When we get to the part where Moses tells the now next-generation Israelites–remember, this is forty years since the actual Exodus–about getting the Ten Commandments, there are some slight differences in the new version. For example!
Guard the sabbath day and keep it holy, as God your God has commanded you.
Six days you shall labor and do all your work, but the seventh day is a sabbath of God your God; you shall not do any work—you, your son or your daughter, your male or female servants, your ox or your ass, or any of your cattle, or the stranger in your settlements, so that your male and female servants may rest as you do.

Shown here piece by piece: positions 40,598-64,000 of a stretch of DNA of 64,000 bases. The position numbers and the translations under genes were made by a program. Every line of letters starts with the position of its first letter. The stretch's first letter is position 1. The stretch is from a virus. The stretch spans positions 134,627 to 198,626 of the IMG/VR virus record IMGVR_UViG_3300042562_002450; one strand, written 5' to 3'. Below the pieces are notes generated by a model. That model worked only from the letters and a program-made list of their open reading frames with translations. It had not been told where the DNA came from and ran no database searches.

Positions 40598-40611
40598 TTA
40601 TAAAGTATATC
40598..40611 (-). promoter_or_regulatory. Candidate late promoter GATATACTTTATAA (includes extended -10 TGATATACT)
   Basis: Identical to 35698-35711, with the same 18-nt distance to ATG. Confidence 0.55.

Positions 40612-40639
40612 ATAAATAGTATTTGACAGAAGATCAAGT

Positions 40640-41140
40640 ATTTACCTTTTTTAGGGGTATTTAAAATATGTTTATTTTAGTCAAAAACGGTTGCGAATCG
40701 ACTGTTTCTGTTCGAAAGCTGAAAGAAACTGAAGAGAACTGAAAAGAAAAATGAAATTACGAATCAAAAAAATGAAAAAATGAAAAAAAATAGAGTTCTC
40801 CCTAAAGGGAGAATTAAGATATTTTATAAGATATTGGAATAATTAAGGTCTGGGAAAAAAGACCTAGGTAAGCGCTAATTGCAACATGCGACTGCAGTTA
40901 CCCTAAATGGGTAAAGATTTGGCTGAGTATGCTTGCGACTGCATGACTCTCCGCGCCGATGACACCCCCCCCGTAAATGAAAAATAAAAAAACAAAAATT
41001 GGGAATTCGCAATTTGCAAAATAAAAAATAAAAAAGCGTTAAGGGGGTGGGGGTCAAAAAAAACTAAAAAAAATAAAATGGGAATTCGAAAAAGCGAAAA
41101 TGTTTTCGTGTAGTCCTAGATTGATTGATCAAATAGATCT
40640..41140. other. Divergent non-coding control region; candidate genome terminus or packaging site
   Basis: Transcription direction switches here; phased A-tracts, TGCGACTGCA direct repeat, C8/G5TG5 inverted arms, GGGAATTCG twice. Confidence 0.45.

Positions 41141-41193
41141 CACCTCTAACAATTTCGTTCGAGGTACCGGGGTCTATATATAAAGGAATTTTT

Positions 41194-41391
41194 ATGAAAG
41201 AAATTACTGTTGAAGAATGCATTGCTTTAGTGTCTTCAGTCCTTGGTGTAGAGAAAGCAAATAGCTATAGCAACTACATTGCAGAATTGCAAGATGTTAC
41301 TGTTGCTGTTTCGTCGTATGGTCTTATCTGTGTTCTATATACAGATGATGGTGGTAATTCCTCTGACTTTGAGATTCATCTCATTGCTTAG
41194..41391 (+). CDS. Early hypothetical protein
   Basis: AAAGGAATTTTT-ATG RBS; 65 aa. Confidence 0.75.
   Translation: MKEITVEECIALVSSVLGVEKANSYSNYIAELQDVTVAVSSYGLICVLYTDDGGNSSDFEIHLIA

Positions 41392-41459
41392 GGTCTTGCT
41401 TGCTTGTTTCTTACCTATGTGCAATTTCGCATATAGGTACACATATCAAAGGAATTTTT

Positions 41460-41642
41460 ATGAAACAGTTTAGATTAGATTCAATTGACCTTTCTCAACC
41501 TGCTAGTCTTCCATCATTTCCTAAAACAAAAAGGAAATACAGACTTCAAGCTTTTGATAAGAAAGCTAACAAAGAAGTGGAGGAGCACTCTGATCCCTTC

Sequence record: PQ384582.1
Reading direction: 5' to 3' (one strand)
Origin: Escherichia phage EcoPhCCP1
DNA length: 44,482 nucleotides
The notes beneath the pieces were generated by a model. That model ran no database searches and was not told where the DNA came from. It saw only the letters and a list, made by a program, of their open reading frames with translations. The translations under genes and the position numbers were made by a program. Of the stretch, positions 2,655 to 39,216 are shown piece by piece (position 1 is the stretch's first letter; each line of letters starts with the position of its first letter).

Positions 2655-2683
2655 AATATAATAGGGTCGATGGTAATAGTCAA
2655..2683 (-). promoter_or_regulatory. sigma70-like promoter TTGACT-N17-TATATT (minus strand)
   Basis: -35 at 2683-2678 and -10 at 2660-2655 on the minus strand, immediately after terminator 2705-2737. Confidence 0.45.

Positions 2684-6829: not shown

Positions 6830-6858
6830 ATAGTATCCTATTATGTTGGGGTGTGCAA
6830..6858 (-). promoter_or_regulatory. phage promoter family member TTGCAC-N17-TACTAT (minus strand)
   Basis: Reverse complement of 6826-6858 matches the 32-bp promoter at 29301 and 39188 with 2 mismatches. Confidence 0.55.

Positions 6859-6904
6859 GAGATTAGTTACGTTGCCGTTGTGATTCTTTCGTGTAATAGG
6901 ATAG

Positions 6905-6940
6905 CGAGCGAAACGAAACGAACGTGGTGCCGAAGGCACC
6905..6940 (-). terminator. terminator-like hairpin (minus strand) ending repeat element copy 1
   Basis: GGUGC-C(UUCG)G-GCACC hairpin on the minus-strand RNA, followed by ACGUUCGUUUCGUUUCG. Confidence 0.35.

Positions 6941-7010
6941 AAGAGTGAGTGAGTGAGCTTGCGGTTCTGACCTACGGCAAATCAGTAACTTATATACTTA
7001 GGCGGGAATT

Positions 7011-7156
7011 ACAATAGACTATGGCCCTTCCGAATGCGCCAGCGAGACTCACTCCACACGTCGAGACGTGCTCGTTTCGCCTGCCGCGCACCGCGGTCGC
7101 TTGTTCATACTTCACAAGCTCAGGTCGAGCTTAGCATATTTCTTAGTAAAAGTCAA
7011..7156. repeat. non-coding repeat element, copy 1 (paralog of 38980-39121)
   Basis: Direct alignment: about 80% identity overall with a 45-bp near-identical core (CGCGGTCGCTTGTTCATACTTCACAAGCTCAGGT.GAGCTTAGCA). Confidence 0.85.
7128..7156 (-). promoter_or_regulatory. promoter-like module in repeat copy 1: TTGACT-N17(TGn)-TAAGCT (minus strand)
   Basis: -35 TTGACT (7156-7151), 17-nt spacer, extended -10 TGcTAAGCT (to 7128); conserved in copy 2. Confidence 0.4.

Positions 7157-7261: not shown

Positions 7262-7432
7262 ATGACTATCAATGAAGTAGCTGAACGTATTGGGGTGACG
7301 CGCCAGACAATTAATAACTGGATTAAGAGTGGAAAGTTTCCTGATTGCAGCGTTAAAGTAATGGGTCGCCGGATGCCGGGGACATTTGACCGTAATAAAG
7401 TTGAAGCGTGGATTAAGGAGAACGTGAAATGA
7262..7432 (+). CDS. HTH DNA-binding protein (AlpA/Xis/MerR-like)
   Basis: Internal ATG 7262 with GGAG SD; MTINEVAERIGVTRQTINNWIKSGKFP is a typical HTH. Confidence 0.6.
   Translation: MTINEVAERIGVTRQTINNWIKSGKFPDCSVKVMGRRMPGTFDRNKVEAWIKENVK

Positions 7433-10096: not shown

Remember that you were enslaved in the land of Egypt and God your God freed you from there with a mighty hand and an outstretched arm; therefore God your God has commanded you to guard the sabbath day. (Deuteronomy 5:12-15)
OK, so here we have “Guard” instead of “remember,” Shabbat. (Shamor could also be translated as “preserve” or “observe,” and often is in this context, but I’m going with a hyper-literal translation for reasons you’ll see in a moment.)
We have the same injunction against working and the same clarification that that’s not just you–the listener–but your kids, and your workers, and the stranger in your settlements, and even your animals. Everybody in the household rests, that’s the same.
But the rationale is totally different. In Exodus, the reason for Shabbat is the Creation story: God made the world in six days and rested on the seventh day. So too, must we rest on the seventh day.
In Deuteronomy, the rationale is the Exodus: God freed us from enslavement, and thus commanded us to rest on Shabbat. Very different.